NEWS
By Laura Lippman and Laura Lippman,Annapolis Bureau | March 20, 1992
ANNAPOLIS -- As the Gershwin song goes, they all laughed -- at Christopher Columbus, Hershey and his chocolate bar, and the dogged female legislators who wanted to make "potty parity" the law of the land.But with the unanimous approval yesterday of Senate Bill No. 437, known officially as "Public Restrooms -- Number of Sanitary Fixtures," the women might have the last laugh."It was a joke. Everybody laughed and thought it was funny," Sen. Barbara A. Hoffman said of the legislation's history in the General Assembly.
NEWS
By Sonni Efron and Sonni Efron,LOS ANGELES TIMES | October 9, 2004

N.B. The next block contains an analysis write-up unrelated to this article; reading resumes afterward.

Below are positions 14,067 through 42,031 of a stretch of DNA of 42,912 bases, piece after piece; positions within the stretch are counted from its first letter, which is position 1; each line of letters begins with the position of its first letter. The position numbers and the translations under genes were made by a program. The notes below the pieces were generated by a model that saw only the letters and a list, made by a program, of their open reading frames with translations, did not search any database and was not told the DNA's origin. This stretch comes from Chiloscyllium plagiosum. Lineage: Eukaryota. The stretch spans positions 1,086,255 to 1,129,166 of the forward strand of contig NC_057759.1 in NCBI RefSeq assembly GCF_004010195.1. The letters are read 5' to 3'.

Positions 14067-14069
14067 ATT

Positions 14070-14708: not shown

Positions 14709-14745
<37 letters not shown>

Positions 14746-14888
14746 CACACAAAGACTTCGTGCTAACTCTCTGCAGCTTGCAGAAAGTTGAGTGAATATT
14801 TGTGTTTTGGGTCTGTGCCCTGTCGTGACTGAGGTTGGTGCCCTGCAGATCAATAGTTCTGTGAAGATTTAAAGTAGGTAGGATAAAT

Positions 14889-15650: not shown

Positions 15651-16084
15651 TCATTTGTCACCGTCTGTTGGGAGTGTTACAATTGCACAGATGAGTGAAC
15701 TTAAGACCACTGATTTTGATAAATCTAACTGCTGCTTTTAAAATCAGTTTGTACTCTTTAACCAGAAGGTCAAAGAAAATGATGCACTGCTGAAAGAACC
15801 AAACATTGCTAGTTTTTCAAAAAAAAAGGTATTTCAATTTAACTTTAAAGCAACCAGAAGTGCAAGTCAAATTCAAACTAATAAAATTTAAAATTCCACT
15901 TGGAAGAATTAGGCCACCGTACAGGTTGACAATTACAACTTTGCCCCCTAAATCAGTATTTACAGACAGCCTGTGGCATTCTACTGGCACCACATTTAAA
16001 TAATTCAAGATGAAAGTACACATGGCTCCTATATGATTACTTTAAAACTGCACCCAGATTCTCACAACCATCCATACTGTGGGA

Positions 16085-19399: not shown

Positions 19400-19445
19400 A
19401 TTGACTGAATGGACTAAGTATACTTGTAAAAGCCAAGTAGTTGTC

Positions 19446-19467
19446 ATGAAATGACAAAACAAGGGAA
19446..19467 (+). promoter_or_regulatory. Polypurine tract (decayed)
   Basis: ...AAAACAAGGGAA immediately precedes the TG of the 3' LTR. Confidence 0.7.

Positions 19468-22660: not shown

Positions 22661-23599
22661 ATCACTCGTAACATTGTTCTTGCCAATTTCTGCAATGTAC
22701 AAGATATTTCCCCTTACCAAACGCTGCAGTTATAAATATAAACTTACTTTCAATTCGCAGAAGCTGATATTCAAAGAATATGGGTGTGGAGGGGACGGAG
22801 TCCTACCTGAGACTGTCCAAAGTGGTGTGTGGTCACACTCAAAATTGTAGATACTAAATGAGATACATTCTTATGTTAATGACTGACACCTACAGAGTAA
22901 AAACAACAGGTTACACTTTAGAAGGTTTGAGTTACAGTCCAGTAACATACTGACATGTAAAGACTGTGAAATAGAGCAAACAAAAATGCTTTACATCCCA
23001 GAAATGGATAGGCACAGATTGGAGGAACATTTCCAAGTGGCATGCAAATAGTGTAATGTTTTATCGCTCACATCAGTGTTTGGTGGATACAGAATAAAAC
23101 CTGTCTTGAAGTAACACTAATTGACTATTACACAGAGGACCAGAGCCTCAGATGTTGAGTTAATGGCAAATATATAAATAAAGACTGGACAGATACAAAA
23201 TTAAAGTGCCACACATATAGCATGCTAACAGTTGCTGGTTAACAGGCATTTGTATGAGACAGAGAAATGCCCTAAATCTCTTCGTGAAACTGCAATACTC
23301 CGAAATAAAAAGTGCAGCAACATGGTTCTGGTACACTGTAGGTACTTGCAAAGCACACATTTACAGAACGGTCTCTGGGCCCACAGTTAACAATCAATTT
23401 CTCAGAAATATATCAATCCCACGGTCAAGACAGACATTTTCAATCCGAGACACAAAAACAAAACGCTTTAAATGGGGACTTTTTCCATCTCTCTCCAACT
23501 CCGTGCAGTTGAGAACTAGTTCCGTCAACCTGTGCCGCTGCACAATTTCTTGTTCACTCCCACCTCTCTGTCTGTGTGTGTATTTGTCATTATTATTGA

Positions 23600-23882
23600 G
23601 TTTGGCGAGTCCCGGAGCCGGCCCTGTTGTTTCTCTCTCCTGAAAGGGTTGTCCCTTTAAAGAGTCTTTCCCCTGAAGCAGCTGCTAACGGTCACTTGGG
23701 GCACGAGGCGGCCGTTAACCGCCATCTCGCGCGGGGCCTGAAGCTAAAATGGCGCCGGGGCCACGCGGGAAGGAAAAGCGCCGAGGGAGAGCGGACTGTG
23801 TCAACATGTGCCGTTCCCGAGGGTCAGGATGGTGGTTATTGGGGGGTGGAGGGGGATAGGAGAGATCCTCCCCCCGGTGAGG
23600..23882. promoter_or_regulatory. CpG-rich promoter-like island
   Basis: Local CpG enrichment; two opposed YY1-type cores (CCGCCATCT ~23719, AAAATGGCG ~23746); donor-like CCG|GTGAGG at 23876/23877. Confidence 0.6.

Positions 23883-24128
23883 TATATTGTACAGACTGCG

WASHINGTON - A divided House approved an intelligence agency overhaul bill yesterday that differs sharply from a Senate version passed earlier and sets up a showdown between the two chambers over the shape of the final bill. Opponents said the House bill, which passed 282 to 134, was laced with anti-immigrant provisions that had little to do with intelligence or national security. GOP leaders said their bill would not only reform intelligence gathering, but also strengthen border security, help prevent identity theft, improve the ability of the Homeland Security Department to block terrorist travel and create a new post inside the department to head up cyber security.
NEWS
By James Oliphant and James Oliphant,Chicago Tribune | February 13, 2008